Considered only as a book to engage children and to fulfil no other purpose, The Grizzlies of Grouse Mountain is targeted toward a particular kind of child. Most enthusiasts of children’s literature (and both authors have had experience, one as an author) recognize that many children are most engaged when they shake in their boots. From Grimm’s fairy tales to Disney classics, children’s eyes pop and their hearts race as they encounter the horrible and, yes, grisly. Some young readers of a book about grizzlies would no doubt love to be just a little frightened. Killing a wolf stone cold with a single swipe of a giant, clawed foreleg, for example, would be exactly the kind of stuff that would do the trick.
Another decision made by the authors that suggests their aiming at particular kind of reader, is not to engage in imaginative speculation or to enter the point of view of the animals. The writers of children’s fiction, of course, generally do both. A writer of children’s fiction is likely to have invented a narrative about the way each cub experienced the joys and terrors of the first months of life, and, even more, how each suffered a harrowing loss of mother and siblings, all through the animals’ eyes.
The Grizzlies of Grouse Mountain uses no such tactics. Indeed, doing so would have betrayed the basic principles of authenticity that the writers embrace.
Consider the main purpose of the book. The book is not dedicated to children, but “wildlife conservationists everywhere” (not even “young conservationists”). The authors keep their gaze firmly on the goal of motivating readers to become involved in the welfare of grizzlies, yes, but to do so without sensationalizing, or (much) sentimentalizing — selecting to the point of skewing reality a little, but not actually giving sway to full-on imaginative recreation or anthropomorphizing. Though the bears have names, the authors carefully say they were “given” the names.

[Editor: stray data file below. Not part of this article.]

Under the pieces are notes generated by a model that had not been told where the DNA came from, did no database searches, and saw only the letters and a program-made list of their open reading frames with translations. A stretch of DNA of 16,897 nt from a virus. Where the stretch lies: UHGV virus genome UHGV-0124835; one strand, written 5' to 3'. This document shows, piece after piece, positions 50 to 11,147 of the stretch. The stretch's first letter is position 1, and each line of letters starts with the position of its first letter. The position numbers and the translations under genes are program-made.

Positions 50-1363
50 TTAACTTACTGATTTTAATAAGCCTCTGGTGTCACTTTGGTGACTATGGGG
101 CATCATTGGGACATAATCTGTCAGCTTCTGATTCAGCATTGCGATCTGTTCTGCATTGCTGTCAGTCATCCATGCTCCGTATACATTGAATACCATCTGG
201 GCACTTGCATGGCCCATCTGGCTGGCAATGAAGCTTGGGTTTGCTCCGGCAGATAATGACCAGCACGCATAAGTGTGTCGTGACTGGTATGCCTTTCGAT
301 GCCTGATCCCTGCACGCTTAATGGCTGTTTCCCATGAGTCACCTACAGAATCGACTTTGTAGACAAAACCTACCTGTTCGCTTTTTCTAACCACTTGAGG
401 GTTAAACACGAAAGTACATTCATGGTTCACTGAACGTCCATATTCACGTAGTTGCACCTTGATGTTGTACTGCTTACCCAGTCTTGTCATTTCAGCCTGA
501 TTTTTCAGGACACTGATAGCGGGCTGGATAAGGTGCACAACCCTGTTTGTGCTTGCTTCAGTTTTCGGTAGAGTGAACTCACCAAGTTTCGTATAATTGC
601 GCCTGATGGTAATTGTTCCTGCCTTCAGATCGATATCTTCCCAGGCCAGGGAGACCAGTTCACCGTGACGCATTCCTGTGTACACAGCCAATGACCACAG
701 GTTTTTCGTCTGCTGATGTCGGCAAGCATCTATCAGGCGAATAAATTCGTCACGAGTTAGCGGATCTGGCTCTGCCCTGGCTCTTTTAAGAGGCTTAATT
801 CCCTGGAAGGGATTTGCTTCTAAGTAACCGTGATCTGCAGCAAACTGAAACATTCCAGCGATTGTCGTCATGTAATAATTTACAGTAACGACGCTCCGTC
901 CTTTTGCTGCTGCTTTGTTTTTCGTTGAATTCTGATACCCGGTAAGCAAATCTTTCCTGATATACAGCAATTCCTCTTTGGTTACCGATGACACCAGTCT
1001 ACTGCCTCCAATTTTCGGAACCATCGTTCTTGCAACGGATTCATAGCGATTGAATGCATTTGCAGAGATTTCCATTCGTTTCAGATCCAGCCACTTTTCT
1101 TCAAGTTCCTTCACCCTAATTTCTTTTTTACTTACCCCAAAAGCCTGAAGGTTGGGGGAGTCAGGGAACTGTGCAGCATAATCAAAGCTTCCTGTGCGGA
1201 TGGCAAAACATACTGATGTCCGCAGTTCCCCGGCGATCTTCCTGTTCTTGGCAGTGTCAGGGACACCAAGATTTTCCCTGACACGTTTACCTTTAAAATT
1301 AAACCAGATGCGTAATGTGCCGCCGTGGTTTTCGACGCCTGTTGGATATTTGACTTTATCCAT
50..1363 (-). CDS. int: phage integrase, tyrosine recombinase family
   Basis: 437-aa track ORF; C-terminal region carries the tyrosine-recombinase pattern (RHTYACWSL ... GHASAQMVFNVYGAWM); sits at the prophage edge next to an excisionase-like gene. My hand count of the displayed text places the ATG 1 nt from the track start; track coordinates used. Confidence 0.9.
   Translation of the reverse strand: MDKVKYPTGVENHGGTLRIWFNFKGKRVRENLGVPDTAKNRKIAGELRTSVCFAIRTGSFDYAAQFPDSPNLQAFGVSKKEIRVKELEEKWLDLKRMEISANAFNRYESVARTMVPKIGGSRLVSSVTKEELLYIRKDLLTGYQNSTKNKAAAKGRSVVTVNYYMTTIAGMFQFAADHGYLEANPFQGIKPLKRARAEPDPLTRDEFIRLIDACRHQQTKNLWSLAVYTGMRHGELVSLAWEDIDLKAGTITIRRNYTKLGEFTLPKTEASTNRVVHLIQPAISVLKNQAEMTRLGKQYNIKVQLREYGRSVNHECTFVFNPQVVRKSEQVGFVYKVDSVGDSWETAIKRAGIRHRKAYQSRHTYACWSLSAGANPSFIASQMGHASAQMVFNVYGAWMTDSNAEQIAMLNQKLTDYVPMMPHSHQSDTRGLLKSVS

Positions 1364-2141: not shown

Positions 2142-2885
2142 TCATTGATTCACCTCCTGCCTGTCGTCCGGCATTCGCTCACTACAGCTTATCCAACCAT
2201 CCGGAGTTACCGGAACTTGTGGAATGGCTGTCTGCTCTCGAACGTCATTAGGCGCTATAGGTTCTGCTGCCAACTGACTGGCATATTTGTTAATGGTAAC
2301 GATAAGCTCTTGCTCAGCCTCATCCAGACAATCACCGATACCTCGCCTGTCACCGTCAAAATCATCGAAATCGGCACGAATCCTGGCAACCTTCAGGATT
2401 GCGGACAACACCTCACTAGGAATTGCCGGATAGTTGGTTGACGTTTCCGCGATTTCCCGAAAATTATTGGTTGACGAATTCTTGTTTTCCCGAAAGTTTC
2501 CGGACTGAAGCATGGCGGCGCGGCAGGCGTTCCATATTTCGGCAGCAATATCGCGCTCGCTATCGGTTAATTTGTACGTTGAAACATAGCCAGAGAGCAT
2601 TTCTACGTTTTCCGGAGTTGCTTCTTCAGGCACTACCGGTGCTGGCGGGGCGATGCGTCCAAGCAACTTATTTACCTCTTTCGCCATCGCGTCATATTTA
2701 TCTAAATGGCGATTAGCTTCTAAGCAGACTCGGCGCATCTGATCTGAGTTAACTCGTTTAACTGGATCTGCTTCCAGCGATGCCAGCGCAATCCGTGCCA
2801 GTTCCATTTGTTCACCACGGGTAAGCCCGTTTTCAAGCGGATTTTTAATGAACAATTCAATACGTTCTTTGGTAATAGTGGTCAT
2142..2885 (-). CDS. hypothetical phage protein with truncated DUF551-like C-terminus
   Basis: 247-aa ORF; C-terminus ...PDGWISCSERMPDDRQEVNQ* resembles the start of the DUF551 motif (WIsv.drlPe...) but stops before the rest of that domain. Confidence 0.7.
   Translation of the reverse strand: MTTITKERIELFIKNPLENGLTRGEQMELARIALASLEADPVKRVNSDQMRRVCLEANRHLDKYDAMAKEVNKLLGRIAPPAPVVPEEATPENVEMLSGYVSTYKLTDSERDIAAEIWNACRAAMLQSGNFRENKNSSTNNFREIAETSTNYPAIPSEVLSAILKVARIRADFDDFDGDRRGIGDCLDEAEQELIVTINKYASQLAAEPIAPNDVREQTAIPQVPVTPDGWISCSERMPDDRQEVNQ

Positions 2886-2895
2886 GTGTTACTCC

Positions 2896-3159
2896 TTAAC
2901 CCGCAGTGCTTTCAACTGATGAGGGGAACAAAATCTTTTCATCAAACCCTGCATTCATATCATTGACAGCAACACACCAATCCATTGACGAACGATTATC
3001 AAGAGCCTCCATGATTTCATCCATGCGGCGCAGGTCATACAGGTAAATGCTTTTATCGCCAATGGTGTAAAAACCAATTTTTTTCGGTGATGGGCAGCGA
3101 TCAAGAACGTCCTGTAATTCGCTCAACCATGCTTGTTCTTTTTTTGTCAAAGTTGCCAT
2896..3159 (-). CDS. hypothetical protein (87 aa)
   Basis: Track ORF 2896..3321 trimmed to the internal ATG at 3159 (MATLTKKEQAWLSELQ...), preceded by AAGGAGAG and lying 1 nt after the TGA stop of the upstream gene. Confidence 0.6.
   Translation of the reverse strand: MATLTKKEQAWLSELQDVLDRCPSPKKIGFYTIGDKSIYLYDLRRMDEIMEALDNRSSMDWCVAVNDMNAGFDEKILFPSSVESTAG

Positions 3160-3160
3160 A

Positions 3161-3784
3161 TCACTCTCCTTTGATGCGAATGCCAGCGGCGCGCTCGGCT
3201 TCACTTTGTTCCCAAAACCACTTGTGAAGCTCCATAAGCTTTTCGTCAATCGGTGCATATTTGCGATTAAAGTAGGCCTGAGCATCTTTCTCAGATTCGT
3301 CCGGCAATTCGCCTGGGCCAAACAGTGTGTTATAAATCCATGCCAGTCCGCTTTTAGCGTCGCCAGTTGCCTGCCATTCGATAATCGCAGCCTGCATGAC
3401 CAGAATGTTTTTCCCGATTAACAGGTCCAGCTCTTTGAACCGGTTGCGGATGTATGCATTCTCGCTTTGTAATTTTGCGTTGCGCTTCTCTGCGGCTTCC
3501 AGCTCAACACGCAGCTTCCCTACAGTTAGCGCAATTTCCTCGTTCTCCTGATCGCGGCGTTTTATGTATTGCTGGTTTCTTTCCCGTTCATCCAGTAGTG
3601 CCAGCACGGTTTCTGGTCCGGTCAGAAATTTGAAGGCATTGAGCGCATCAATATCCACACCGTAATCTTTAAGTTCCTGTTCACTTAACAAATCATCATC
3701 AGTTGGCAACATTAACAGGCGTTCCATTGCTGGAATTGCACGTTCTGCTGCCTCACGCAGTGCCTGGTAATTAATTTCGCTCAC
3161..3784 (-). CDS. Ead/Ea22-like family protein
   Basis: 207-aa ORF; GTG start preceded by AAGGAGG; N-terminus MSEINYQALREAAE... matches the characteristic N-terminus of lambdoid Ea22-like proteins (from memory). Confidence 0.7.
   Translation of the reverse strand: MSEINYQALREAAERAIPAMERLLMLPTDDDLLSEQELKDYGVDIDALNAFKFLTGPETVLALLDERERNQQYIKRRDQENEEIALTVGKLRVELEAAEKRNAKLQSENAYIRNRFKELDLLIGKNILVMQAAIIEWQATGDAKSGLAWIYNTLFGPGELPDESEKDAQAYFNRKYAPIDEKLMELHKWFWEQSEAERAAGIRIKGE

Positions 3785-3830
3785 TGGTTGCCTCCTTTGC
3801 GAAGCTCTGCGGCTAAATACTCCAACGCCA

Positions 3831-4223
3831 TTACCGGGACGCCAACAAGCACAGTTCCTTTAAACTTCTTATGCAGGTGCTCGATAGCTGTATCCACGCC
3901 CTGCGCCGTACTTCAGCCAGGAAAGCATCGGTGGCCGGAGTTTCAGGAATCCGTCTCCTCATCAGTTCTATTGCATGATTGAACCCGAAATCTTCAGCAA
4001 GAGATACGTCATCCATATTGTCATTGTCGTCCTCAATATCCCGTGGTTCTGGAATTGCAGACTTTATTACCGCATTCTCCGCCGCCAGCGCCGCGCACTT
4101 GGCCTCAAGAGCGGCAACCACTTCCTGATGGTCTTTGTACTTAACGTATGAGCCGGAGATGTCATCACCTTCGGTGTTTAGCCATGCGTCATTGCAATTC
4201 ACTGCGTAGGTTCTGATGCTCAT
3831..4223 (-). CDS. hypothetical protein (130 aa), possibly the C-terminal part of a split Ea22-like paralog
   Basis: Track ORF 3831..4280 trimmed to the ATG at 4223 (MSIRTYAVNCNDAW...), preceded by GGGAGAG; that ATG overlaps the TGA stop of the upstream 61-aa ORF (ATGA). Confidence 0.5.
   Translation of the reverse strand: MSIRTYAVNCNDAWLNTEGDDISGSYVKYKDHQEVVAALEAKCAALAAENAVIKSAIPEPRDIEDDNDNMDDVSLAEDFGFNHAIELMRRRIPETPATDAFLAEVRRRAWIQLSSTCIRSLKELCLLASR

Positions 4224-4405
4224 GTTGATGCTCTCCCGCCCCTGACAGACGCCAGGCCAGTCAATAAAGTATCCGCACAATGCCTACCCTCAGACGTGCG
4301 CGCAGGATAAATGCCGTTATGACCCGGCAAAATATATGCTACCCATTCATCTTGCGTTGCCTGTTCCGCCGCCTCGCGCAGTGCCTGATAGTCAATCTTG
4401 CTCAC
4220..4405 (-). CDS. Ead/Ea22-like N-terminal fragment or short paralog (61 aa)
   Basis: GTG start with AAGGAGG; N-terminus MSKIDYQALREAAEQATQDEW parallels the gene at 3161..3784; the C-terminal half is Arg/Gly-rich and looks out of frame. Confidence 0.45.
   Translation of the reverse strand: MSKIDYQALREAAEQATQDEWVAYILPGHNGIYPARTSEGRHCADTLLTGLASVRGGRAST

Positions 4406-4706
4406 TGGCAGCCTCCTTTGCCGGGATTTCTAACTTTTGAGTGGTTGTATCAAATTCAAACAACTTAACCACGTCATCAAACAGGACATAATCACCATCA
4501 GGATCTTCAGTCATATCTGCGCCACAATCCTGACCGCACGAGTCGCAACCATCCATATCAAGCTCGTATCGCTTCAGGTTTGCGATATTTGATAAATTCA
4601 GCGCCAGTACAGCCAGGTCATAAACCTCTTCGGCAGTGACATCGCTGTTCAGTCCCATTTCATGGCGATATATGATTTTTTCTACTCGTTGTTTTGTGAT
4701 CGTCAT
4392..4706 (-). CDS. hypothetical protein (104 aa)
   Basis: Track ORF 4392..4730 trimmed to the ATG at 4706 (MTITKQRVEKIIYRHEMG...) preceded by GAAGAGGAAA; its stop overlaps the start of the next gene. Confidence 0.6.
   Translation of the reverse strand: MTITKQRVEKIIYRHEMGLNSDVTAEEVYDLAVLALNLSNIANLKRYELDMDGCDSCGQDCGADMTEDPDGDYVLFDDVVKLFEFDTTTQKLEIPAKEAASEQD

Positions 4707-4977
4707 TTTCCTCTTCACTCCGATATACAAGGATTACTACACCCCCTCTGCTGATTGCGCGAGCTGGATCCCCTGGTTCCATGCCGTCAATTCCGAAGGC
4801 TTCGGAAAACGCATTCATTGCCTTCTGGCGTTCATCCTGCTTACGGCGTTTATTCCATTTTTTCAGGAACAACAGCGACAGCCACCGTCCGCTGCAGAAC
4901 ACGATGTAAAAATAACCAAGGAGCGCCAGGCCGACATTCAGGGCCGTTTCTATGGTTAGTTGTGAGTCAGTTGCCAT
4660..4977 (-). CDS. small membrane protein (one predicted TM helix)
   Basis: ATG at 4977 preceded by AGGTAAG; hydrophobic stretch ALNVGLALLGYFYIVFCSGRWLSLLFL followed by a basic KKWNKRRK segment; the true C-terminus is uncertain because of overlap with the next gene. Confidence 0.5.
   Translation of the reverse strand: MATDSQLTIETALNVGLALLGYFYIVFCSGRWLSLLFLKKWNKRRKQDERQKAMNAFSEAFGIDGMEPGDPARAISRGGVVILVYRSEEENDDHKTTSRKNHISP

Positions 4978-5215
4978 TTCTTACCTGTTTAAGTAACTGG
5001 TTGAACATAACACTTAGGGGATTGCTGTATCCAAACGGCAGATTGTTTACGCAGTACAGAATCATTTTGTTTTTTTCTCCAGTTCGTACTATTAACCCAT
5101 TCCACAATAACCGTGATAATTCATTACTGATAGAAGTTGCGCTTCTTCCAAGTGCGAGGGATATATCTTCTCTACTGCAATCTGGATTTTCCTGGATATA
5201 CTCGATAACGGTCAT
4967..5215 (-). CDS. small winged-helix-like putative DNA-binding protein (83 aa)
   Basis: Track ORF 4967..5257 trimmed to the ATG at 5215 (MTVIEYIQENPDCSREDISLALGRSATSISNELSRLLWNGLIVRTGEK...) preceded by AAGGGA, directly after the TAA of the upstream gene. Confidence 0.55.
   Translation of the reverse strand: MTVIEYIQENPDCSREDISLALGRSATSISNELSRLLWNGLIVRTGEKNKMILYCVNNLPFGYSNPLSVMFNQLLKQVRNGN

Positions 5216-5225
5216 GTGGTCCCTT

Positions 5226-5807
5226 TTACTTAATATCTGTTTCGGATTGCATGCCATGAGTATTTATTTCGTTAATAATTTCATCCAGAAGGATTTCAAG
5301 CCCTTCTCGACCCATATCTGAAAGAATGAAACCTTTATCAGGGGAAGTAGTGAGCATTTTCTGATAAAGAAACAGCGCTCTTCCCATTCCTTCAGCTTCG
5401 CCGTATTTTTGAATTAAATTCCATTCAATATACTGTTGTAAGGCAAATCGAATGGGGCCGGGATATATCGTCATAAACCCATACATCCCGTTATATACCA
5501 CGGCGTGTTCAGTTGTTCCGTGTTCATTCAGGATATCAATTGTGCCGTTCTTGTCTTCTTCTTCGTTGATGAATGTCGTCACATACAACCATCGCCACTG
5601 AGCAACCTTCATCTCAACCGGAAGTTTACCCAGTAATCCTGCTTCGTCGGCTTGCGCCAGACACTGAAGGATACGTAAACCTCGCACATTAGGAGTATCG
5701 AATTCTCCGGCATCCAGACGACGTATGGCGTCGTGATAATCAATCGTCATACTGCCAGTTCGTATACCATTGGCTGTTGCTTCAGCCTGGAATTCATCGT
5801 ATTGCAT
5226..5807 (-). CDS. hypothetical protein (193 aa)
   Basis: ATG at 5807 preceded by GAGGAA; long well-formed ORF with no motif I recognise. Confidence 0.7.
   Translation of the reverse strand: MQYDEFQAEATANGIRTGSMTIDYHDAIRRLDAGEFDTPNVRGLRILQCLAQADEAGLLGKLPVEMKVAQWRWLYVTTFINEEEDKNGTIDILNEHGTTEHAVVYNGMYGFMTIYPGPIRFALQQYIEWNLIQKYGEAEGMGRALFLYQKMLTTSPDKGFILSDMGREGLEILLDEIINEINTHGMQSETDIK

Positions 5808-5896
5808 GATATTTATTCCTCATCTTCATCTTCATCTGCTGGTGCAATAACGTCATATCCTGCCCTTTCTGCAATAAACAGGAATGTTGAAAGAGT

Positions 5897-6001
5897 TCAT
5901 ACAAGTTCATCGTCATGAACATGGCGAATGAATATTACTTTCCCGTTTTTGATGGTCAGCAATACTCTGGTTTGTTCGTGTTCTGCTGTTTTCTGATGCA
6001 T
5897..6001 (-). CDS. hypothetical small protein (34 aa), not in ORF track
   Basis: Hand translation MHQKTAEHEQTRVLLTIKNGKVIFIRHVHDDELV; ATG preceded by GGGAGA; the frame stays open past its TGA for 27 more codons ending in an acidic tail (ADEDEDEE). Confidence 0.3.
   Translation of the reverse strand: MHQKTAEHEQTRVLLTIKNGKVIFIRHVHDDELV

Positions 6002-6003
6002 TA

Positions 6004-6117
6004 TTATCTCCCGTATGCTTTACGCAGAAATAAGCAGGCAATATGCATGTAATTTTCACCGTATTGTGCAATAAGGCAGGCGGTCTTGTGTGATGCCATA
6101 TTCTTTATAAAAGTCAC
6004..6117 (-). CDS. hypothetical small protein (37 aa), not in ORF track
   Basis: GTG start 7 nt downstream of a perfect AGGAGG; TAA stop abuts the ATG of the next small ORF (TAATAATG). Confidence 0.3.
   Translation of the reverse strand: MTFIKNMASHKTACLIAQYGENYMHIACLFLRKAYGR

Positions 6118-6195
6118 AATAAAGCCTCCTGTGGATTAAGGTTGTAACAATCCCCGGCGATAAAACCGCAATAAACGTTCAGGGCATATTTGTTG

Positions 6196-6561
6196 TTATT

The closest the authors come to betraying this objectivity is in a photofolder that comes as a kind of appendix. Here, photos of the bears with striking expressions are captioned with speech bubbles the way humorous scrap-bookers apply captions to photos of venerable aunts and bemused babies. The joke here, though, is arguably chiefly on those who dibble with photos.
The conservationist project is further reflected in the inclusion of two graphically colourful maps and a list of grizzly facts, headed “Did You Know?” With these diversions the authors take additional steps to develop a relish for the solid reality lying behind both the particular circumstances of these two grizzlies, and grizzlies in general. To know them, as we appreciate, is to love them.
Again, though, it is clear that in selecting the particular facts to report, the authors wish to emphasize only fairly benign biological features. We like, and want to protect, that which we know, understand, and find fascinating.
It is obvious why facts about the crushing strength of the jaws (Wikipedia reports 84 kg per square centimetre!), the killing power of a swipe of heavily clawed forelegs, or the battles to the death of male grizzlies are not included in the “Did You Know?” section. It is additionally obvious why the authors steer well clear of any “facts” about human/bear interactions. The news media and Hollywood, after all, do an enthusiastic job of reporting nightmare-inducing details of bear attacks. Think: horriblis.
Clearly, this book’s driving force is to record the efforts of the Grouse Mountain project, yes, but also to propel the principles of wildlife conservation. Using a calmly narrated, feel-good children’s book as the conduit for both of these seems a reasonable method. From a purely conservationist point of view, however, the selection of grizzlies as subject matter raises some issues. Indeed, some conservationists feel that focusing on “charismatic megafauna” can distract from the need for broad-reaching conservation. (e.g. https://theweek.com/articles/450037/why-want-save-whales-but-not-crickets).